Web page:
• “We kept on hoping throughout the war that František would come back to us, that we’d see him again. After the war, when we learned that he had died, his wife got in touch with us and she came to Czechoslovakia together with their daughter. I think the girl was about five years old. They spent a couple of months here and the child learned to speak Czech pretty decently. But Olivia, her mother, who was about my age, never learned the language. Anyway, they only stayed here for a couple of months because, after the Communists came to power in February, František’s friend – also a pilot and who brought them here and stayed with his parents in Czechoslovakia-- came to our place and told her that she had to leave immediately, that it was no longer safe here for them.” Interviewer: “So your brother had a daughter?” L. H.: “Yes, he had a daughter and his wife kept writing about her in the letters she sent us. In the last letter we got from her, she wrote that she had married an American and that they were moving to the United States. Then she stopped sending letters. I think that she might have been afraid to write to us because she was in the USA. You know, it was in the times of the Iron Curtain. We don’t really know what happened. Since then, we’ve had no news about her.”

  • “My dad came without his teeth. They knocked all of his teeth out – he didn’t have a single tooth left. He said he had to crawl on the floor with his hands tied behind his back on that corridor. They did some terrible things to him. Before they took him to Brno, and us to Svatobořice, we saw him in Olomouc. We stood there with the other prisoners and they brought him. We weren’t allowed to speak to them. We all entered the office – me, my dad, Drahuška and my mom. But we couldn’t talk to them. But my dad, when he saw us, he at least took off his hat and smiled in our direction greeting us. He had this sort of Panama hat and when he took it off his head we saw his coal-black and curly hair which he prided himself on. That was the last time I saw him.”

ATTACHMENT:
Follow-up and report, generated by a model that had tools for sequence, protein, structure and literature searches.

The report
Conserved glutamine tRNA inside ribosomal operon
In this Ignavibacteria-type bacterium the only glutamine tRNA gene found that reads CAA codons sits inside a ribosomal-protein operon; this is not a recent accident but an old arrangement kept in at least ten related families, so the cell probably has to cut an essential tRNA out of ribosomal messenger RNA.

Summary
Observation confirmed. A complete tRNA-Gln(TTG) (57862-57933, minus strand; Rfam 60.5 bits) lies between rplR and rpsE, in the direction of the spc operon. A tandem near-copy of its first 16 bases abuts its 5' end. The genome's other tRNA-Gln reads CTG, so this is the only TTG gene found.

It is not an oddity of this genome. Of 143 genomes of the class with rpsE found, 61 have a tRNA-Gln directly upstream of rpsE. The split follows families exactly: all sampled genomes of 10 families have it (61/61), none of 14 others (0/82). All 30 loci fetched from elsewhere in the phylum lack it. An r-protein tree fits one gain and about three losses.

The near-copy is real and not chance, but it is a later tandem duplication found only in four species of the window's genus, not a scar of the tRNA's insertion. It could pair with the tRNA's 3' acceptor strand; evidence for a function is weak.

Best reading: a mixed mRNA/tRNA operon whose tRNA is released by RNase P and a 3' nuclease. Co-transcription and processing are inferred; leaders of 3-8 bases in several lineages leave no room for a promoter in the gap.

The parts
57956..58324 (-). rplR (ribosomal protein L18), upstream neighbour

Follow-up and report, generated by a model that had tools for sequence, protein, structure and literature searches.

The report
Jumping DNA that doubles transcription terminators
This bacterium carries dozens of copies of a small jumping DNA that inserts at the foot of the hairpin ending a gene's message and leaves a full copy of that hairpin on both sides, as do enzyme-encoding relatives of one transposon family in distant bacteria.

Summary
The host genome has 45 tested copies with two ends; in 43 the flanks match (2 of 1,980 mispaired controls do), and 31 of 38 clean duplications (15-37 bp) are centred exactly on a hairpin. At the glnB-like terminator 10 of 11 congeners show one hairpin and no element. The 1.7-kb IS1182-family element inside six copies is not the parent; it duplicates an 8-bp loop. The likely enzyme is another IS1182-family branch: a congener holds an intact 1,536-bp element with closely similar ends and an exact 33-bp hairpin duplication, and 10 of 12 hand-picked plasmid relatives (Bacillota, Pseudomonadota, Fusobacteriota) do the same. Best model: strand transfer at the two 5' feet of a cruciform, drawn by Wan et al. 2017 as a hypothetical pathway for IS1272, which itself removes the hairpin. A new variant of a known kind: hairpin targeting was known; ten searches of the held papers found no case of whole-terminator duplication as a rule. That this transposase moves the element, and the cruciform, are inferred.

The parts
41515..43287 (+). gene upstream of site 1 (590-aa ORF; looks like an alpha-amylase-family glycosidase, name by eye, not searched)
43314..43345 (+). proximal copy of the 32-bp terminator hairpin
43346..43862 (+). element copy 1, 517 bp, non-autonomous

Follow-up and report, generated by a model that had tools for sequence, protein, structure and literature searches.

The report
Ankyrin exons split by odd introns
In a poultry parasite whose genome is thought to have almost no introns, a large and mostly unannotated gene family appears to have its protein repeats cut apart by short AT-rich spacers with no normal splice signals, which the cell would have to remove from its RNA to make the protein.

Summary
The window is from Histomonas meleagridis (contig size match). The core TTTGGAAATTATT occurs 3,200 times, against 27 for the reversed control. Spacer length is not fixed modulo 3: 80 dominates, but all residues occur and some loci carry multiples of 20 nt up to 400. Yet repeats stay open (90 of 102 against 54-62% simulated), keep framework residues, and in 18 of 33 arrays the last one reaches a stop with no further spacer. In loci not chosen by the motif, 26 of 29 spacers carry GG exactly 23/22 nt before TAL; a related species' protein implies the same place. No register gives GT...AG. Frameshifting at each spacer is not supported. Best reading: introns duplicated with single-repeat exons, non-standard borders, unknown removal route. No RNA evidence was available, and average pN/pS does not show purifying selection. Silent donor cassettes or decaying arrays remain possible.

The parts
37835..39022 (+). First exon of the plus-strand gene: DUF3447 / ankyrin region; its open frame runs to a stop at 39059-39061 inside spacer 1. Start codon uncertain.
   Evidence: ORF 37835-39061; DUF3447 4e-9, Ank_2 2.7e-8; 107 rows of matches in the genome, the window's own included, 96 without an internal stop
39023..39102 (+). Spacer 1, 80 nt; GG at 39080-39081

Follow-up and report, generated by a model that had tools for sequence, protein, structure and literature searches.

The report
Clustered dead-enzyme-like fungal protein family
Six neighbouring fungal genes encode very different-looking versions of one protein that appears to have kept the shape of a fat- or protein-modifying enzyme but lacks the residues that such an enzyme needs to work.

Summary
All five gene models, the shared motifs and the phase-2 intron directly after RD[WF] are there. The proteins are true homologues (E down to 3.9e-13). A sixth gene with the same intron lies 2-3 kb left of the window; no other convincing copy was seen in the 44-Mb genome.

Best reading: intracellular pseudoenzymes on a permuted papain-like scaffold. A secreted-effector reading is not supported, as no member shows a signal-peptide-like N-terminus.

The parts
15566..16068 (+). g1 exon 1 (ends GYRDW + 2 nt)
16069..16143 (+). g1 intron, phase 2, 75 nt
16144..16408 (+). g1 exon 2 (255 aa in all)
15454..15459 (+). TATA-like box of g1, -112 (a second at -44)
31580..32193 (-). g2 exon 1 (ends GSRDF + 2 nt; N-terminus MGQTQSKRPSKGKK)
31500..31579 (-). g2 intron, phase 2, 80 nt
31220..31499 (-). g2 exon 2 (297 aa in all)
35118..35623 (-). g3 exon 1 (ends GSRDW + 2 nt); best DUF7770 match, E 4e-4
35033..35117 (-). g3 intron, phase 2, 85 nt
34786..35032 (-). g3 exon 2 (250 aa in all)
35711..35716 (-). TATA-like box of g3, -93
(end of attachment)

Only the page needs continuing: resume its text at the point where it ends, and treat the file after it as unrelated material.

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    Velký Újezd, 21.02.2012

    duration: 02:08:21
    media recorded in project Stories of 20th Century
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My brother died in England, my father in Auschwitz and the rest of the family was held in an internment camp in Svatobořice.

 Libuše Hiemerová
Libuše Hiemerová
photo: archiv pamětníka

Libuše Hiemerová, née Dostálová, was born in 1925 in Olomouc. Her brother, František Dostál, fled after the occupation by the Nazis to England. He became a pilot of the 311th Czechoslovak bomber squadron but was killed during a training flight on April 24, 1943. After the assassination of Heydrich, his parents and sisters, Drahoslava and Libuše, were arrested and imprisoned in the course of, so-called, Operation E (Emigranten). Mrs. Hiemerová, her sister Drahoslava, and her mother Josefa were held captive in the internment camp Svatobořice, while her father Alois was taken to Brno and subsequently sent to Auschwitz where he died on February 25, 1943. Libuše Hiemerová stayed in Svatobořice till January 1943 when she was released because of pleurisy. Her mother and sister stayed in the camp till the end of the war. They found out about the death of František after the end of the war. They also learned that he had married an English woman and had a daughter in England. They united with his family after the war. Unfortunately, after the Communist takeover of power, František’s wife and daughter quickly left Czechoslovakia, and all contact between them and František’s family was thereafter interrupted. Today, the family has no news of their whereabouts. Mrs. Libuše married Josef Hiemer shortly after the war and, because her husband worked as a wood ranger, the family moved frequently. Finally, they settled in Velký Újezd, where they still live today.